Having gone insane, Miss Holloway releases Stella from her care, encouraging the girl to take a train back to Winwood where she is certain Mary will take her life. Rick, Pamela and Dr. Scott, who have come to the asylum to demand Stella’s release, discover she is already well on her way to the house and make haste to prevent the seemingly inevitable. Arriving first to Winwood, Stella discovers Beech, who is dying, waiting for her in the upstairs attic. He orders her from the house, telling Stella it is for her own good, as death will surely come there to claim her. But it is too late. Mary’s ghost has re-materialized, causing Beech to suffer a fatal heart attack. Stella’s screams are heard by Rick, Pamela and Dr. Scott – her panicked departure from Winwood moments later thwarted by Rick who once again who prevents Stella from going over the cliff where her mother – Carmella – died. Confronting Mary’s ghost, Rick hurls a candelabra into the upstairs atelier, thereby driving out Mary’s destructive spirit from Winwood once and for all. As everyone listens, Carmella’s echoed laughter fills the halls.
The Uninvited is rather convoluted and unevenly paced. The spirits of two violently opposed women who continue to struggle for the soul of the child whose birth effectively killed them both really doesn’t make all that much sense. Why, for example, is Mary’s more sinister apparition the stronger influence throughout our story, capable of compelling Stella to attempt suicide twice, while Carmella’s can only weep during the waning hours of night or speak to Rick, Pamela and Dr. Scott using her own daughter as a medium but in a language none of them can understand?  Why does Beech elect to place his granddaughter in the care of Miss Holloway when she so obviously despises Stella? And why does Holloway release her to return to Winwood moments before Rick, Pamela and Dr. Scott arrive to demand Stella’s release anyway? No, the screenplay is a heavy-handed affair at best; unable to drop visual clues that would allow the audience to piece together the mystery for themselves. Director Lewis Allen instead relies on leaden, wordy and utterly contrived ‘explanations’ given by various characters ad nauseam: Rick, Dr. Scott and Pamela talking through the history of Winwood in a series of very static deductions and discussions.
It doesn’t really work except in a faux Agatha Christie-esque sort of way; the perfunctory conclusions made almost as afterthoughts to explain away the phenomena thus far defying logic. But movies are about ‘show’ rather than ‘tell’ – or should be. Visually, The Uninvited is rather uninspiring. The scenes taking place at night are simply done in darkness and shadow while the daytime sequences contain no sense of foreboding or foreshadowing whatsoever. Ray Milland is a weak – and far too old - love interest for Gail Russell’s placid ingénue; a mere waif to his cultured sophisticate. It’s an odd and not very convincing love match with virtually no spark of romance to recommend it. Ruth Hussey’s place in the story is rather pointless, her devoted sister dear fading into the background almost from the moment the Smith/Partos screenplay decides to focus on Stella and Rick’s awkward and, at times, woefully contrived romance instead. Cornelia Otis Skinner’s wicked asylum curator is a rather obvious attempt to invoke the sinister qualities of a Gale Sondergaard. But Miss Holloway’s conversion from steely-eyed vamp to emotionally unhinged gargoyle is too quickly realized to be believed.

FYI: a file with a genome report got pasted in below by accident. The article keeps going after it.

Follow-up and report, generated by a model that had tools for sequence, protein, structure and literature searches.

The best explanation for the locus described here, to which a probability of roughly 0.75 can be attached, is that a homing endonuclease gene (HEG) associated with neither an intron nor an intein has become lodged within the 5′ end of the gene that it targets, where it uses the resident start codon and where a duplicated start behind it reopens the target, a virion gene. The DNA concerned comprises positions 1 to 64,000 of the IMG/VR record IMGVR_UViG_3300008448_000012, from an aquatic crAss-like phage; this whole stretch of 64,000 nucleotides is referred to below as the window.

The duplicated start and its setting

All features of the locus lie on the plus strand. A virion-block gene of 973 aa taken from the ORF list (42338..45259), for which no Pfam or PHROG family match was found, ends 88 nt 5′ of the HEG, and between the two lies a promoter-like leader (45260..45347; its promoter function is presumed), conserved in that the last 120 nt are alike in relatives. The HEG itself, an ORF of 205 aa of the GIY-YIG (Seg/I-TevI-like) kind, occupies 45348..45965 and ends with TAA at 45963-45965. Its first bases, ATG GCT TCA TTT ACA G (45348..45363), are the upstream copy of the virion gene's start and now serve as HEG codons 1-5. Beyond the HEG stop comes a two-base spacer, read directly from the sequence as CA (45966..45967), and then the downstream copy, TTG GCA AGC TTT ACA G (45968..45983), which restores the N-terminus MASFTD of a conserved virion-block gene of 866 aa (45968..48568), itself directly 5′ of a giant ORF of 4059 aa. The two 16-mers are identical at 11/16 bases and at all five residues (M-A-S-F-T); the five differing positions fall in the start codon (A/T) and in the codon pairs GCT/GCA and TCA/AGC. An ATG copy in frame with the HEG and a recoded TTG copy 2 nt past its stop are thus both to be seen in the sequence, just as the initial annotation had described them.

The Smith/Partos screenplay mangles and wastes its first act on a series of vignettes that quite simply never add up – the sail around the coast where Rick becomes seasick, as example – meant to establish the feeblest of romantic interest between Rick and Stella that will just as quickly be discarded after he assumes a rather paternal affection to get to the bottom of her supernatural malady. The screwball chase through Winwood by the Fitzgeralds that kicks off the movie, with Bobby pursuing his squirrel; Rick and Beech’s adversarial sparring; two stubborn mules at loggerheads that goes absolutely nowhere fast; Beech’s cryptic contact with Holloway whom he implicitly trusts despite his obvious devotion to his granddaughter and Holloway’s even more obvious maniacal tendencies toward the Meredith family.